Philippine Daily Inquirer
Thai dessert elevates rambutan
While the daily buffets in Conrad Manila’s Brasserie on 3 are an abundance of food— with meat carvings, several kinds of salads, pastas, pizzas and a bountiful selection of side dishes and desserts to choose from—occasional food festivals make Brasserie’s buffet even more lavish.
That was the case when, several weeks ago, the hotel held an “Amazing Thailand” food festival. Featuring guest chefs Pichapat Purichaipattarawit, Tanyalak Boonwiang and Thawin Towiratkij from the hotel’s sister property Conrad Bangkok, the festival presented Thailand’s hearty flavors with color and aplomb.
There was tom yum khoong, for instance, a hot and sour soup with a radiant orange color, fragrant with lemongrass and kaffir lime leaves, teeming with shrimps and straw mushrooms and seasoned with fish sauce and limes.
There was also pad Thai, rice noodles seasoned with tamarind pulp, fish sauce, red pepper flakes and limes, and tossed with shrimps and chicken.
We tried the miang kham, bits of crispy prawns, ginger, lime and peanuts wrapped in leaves and spiked with a chili sauce. It was a medley of flavors that ranged from sweet and sour to salty and spicy, with a sometimes crunchy, sometimes soft texture.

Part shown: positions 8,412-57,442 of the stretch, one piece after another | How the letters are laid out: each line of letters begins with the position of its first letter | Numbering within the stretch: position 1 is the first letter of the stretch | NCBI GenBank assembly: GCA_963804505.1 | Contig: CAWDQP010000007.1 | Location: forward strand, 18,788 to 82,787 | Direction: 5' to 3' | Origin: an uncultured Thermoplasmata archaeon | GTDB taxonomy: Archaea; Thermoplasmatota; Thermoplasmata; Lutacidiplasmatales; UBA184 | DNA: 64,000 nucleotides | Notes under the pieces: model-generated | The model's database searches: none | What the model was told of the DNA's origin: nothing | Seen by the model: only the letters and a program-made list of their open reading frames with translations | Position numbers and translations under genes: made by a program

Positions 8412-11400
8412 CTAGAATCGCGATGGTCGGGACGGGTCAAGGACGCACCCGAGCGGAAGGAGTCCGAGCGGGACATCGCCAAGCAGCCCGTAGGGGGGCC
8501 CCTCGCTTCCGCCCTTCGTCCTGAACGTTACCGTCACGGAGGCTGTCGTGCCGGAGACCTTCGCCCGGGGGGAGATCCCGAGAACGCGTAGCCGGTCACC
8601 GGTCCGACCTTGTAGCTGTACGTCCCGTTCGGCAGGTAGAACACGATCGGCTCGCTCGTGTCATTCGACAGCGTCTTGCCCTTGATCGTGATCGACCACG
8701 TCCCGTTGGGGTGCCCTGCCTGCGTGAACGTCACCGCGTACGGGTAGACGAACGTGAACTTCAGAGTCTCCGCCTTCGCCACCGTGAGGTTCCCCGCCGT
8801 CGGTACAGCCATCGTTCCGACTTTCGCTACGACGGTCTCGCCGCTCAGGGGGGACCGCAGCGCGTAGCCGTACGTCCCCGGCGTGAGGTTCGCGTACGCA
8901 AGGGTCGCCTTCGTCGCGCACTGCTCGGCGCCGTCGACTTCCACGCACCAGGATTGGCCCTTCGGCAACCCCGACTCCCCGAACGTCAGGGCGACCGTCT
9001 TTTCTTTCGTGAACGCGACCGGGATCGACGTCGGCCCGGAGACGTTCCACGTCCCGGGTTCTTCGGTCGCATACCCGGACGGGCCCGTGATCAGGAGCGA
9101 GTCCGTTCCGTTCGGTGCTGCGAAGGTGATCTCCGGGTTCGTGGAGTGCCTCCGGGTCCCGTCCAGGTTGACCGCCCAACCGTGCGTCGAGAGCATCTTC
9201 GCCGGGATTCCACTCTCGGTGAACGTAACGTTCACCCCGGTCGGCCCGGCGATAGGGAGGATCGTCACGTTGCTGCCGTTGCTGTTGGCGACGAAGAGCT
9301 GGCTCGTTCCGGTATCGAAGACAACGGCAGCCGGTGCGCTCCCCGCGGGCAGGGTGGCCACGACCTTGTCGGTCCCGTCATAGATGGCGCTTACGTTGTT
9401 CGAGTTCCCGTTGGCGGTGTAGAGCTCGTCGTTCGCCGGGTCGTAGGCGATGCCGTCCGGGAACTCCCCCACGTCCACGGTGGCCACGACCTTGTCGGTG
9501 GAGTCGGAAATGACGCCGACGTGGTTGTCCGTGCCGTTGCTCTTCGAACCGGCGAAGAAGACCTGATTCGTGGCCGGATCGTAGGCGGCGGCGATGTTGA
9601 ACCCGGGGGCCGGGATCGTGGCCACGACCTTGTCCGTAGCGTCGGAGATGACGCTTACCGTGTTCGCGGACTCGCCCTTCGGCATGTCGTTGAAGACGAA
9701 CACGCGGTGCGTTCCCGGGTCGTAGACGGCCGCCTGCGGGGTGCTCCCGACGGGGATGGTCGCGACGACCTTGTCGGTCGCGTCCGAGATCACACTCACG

The salmon was perfectly seared and was anointed with an Oriental flavor by a fiery red curry sauce. The beef, on the other hand, was grilled with a hot basil sauce, and garnished with crisped fresh basil leaves.
Desserts included sticky rice with sweet golden mangoes and rambutan in syrup, both of which were delightful.
This being the season for rambutan, I tried to duplicate the dessert, using the rambutan from a neighbor’s harvest. It turned out to be very similar to the lychees in heavy syrup that are sold in cans. You can adjust the sweetness by adding or lessening the amount of sugar in the syrup.
Rambutan in syrup
1 kg fresh rambutan
1 c sugar (or to taste)
½ tsp salt
2 c water
1 pandan leaf, knotted at the center
Peel the rambutan and remove the hard core at the center of each rambutan.
In a large saucepan, combine the sugar, salt and water. Bring to a boil, then lower heat to a simmer. Let simmer until sugar dissolves completely.
Add the peeled rambutan and the pandan leaf. Continue simmering until the rambutan is tender and the liquid becomes syrupy. Remove the pandan leaf. Let cool.
Spoon into individual dessert bowls and add crushed iced before serving.